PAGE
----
Publisher's note: This post, by Ray Nothstine, was originally published in Civitas's online edition.
In a recent piece published in The American Spectator
, I made the case that despite an abundance of spending on civic education in public schools, the government is failing in this endeavor. It's quite an easy case to make. On top of the spending there has been plenty of highly centralized initiatives led by the U.S. Department of Education to improve upon a well-known crisis.
One study I highlighted in the piece noted that about 10 percent of American college graduates thought reality TV figure "Judge Judy" serves on the U.S. Supreme Court
. I'll let readers decide if that's a low enough number to count as a positive, but I suspect most won't claim that as hopeful. I don't want to rehash the article, but I do want to point out some concerning thoughts on why the collapse of civics is so damaging to our political culture and civic society.
It sounds simplistic, but the one overarching question Americans should be continually asking themselves is what is our capacity for self-government? It was a question that led to our Revolution and on that question hinges so much of the vitality and health of our Republic going forward.
If we are not educating young people on civics and American ideals, and all the evidence
suggests that, the principles that made this nation a beacon of freedom and opportunity will vanish.
Thomas Jefferson was fond of saying
that liberty ultimately rests with the people and while the American Founders disagreed on many things they were universal in their understanding that liberty requires not only a virtuous society but a knowledgeable one. "A nation that expects to be ignorant and free, in a state of civilization, expects what never was and never will be,"
declared Jefferson. Liberty resting with the people is an essential notion because government by itself certainly can't be trusted to preserve and promote the common good.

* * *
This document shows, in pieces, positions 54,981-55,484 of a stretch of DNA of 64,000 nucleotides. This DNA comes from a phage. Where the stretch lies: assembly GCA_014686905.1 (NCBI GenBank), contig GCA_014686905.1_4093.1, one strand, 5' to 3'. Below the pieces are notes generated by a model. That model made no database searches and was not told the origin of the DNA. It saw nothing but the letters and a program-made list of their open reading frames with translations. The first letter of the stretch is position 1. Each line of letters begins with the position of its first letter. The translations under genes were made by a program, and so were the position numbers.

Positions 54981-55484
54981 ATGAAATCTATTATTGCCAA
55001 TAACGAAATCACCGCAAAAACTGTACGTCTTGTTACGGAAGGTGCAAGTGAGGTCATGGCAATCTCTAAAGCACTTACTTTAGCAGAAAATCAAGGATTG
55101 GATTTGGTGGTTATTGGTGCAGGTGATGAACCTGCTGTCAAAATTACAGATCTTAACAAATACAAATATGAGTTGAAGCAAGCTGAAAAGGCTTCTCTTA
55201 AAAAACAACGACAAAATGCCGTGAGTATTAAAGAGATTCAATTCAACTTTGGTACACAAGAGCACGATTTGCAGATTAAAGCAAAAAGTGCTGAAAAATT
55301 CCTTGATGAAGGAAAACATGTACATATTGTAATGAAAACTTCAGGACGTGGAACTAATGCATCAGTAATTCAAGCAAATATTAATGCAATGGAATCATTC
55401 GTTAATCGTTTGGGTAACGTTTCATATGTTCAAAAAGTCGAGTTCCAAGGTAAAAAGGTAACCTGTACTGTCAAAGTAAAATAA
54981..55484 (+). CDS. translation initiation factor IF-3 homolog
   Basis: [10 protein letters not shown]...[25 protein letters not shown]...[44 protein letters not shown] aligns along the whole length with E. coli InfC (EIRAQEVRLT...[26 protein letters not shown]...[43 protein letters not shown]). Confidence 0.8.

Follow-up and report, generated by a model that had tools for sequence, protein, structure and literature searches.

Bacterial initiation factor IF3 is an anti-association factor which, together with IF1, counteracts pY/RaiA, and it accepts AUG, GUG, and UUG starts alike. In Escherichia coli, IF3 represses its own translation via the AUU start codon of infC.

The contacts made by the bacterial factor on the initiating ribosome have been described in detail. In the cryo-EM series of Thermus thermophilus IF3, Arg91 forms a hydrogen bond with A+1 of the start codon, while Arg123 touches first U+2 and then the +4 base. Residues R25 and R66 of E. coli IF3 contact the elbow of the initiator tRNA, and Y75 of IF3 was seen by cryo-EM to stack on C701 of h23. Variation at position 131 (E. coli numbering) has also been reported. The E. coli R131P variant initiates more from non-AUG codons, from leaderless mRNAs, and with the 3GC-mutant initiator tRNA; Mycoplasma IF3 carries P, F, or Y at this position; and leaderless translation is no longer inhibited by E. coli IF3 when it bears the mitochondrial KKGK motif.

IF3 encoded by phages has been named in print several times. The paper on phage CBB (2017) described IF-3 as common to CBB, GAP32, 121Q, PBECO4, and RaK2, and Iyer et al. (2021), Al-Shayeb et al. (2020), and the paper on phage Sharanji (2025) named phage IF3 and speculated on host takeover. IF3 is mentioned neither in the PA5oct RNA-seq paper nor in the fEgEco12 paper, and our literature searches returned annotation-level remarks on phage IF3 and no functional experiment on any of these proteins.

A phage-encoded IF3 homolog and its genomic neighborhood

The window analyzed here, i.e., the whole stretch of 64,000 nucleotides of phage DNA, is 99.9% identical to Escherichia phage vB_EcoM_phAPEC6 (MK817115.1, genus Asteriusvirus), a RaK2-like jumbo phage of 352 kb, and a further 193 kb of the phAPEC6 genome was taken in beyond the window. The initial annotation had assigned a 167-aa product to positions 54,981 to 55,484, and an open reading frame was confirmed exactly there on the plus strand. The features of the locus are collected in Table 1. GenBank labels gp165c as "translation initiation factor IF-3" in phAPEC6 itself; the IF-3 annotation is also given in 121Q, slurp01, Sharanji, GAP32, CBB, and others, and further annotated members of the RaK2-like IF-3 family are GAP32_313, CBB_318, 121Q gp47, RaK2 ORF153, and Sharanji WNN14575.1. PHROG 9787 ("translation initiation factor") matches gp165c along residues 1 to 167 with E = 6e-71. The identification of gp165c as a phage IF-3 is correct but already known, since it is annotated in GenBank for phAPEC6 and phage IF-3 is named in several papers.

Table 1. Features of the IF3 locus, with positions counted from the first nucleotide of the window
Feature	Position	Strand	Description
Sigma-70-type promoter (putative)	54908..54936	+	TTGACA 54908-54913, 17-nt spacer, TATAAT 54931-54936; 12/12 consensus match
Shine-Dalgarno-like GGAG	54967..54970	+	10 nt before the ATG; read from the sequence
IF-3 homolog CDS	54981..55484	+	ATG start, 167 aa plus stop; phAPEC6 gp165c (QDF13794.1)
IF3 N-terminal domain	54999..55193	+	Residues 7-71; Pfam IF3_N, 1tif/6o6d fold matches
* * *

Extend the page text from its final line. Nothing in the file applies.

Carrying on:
The Bill of Rights puts limits on the government, not citizens. A lot of people don't know that today
because they can't even name
many of the freedoms it protects. Shockingly, a 2017 survey reveals that 37 percent
can't even name any of the rights guaranteed in the First Amendment. Most readers are familiar with the crisis on many college campuses where speakers are shouted down or even physically attacked for simply diverging from the narrative preferred by illiberal activists.
How can citizens protect themselves or sound the alarm on some of the executive overreaches we are seeing in this Covid-19 era if they don't understand the separation of powers or other essential Constitutional principles? Is it easier to cede rights and hand over more power to the government if you have little to no understanding of those rights?
It's clear to me that parents should take a deeper interest in what schools are teaching their children in terms of civics and is that instruction enough?
One overarching solution is more school choice options that will prepare students to be good citizens and not merely schools that claim achievement by the graduation rate or if students are college-bound.
In an era where we are seeing rapidly expanding government control because of a public health crisis, an informed and equipped citizenry are vital. It takes time to cultivate freedom but freedom can be stripped rapidly, particularly from an ignorant populace.
As Benjamin Franklin noted at the end of the Constitutional Convention, "A Republic, if you can keep it?"